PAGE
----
What Can the Church Be?

It is easy to see the negative. Ask some people how they view the church, and you will hear words like “hypocrites or unloving.” I choose to see the positive. When a church is operating at its best, it can be many things, such as:

A School – 2 Timothy 3:16-17 says, “All Scripture is breathed out by God and profitable for teaching, for reproof, for correction, and for training in righteousness, that the man of God may be complete, equipped for every good work.” At its best a church is a wonderful place to learn about God and to have the Word of God explained. We grow in our knowledge of the King of Kings and out of that teaching, training, discipleship, and correction, we can move forward in sharing His love with others.

A Hospital – Mark 2:16-17 says, “And the scribes of the Pharisees, when they saw that he was eating with sinners and tax collectors, said to his disciples, “Why does he eat with tax collectors and sinners?” And when Jesus heard it, he said to them, “Those who are well have no need of a physician, but those who are sick. I came not to call the righteous, but sinners.” At its best a church is a place of healing, physically, emotionally, and spiritually. It is a place we can go for prayer when we are sick, for hope when we are emotionally overwhelmed, and to find the salvation that can only be found in Jesus Christ.

A Family – 1 Thessalonians 5:11 says, “Therefore encourage one another and build one another up, just as you are doing.” At is best a church is a perfect family. A family that loves one another, encourages, supports and prays for one another.

I have experienced the school, the hospital and the family.  This is the church at its best.


Baby Steps

Here in Canada, the CBC has a radio program called Under the Influence with host Terry O’Reilly.

It mostly has to do with advertising. On Feb. 4, 2016 they aired this story:
One day in Afghanistan, a small troop of American soldiers found themselves involved in an exchange of gunfire with a small group of Afghans.
The skirmish goes on for days.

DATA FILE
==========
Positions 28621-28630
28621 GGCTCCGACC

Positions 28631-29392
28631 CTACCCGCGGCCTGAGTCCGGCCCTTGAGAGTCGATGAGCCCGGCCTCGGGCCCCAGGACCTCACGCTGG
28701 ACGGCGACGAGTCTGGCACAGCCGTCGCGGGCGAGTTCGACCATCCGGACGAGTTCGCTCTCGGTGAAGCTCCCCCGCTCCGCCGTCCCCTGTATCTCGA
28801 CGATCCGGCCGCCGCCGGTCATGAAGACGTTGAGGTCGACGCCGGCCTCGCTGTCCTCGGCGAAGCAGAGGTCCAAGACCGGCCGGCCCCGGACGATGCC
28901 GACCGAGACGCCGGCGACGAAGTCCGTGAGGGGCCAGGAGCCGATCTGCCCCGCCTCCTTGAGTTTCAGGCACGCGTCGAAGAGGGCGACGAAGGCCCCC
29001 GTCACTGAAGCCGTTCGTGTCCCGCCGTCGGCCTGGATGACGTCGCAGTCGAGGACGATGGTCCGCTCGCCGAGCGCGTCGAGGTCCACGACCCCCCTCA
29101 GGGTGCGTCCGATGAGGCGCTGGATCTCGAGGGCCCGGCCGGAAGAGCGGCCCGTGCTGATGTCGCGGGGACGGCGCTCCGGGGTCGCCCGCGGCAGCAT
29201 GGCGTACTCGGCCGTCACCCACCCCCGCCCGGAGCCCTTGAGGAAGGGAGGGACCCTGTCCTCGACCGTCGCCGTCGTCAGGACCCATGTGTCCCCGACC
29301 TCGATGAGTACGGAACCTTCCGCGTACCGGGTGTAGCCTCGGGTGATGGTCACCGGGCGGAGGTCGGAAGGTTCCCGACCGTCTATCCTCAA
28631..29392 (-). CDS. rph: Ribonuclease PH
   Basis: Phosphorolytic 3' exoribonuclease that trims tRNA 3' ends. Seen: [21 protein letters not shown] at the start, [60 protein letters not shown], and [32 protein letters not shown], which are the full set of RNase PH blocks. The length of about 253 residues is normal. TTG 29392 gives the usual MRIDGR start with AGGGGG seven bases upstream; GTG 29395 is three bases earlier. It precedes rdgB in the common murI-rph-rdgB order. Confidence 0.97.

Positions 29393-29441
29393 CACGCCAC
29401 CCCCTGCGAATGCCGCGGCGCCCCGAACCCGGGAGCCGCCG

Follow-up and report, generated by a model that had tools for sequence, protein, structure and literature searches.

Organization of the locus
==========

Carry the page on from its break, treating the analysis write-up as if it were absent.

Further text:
It's a gun battle with no end, as each side just keeps firing shots in the other's direction.

The other group isn't associated with the Taliban, so the Americans aren't sure why they are being fired upon.

Finally, the American Lieutenant in charge has an idea.

He says, why don't we just ask them?

So the Lieutenant signals a ceasefire.

When the shooting stopped, he slowly walked over to the Afghans and asked, "Why are you firing at us?"

They tell him it's because the Americans are not paying rent for the land they're on.

The Lieutenant says, "Oh, OK, so we'll pay rent."

The Afghans say that's fine, but we have to warn you that another group will start shooting at you.

When the Lieutenant asks why, the Afghans tell him that the other group believes they own they land.

Then the Lieutenant asked this one simple question:

Is there a place we can move to where we won't have to pay rent?

The Afghans point to a place just 180 metres away.

So the American squad picked up their equipment, moved 600 feet to the left - and the shooting stopped.

That was all it took.

It was the smallest move that resulted in a surprisingly big gain.
As I listened to that story I thought about the story of Nicodemus in the book of John.

Nicodemus appears three times in the Gospel of John.

He first visits Jesus one night to discuss his teachings.[John 3:1–21]

Nicodemus didn't approach Jesus for all to see. He was curious but he was also a member of the Sanhedrin.  The Sanhedrin legislated all aspects of Jewish religious and political life within the parameters laid down by Biblical and Rabbinic tradition.

Nicodemus came at night to try to figure out who this Jesus was. He took baby steps towards Christ.

The second time Nicodemus is mentioned, he reminds his colleagues in the Sanhedrin that the law requires that a person be heard before being judged.[John 7:50–51]

Nicodemus must have liked what he heard because he puts himself at great risk to defend Jesus here. He is even accused of being one of his followers.

Finally, Nicodemus appears after the Crucifixion to provide the customary embalming spices, and assists Joseph of Arimathea in preparing the body of Jesus for burial.[John 19:39–42]

We have here a man who met Jesus at night, defended him publicly and then helped to bury Him after the crucifixion.

From baby steps to a follower of Jesus Christ!

We all are moving through life. We are either moving closer to Christ or further away.  The steps we take maybe small at first but when we discover who Jesus is, our lives will never be the same.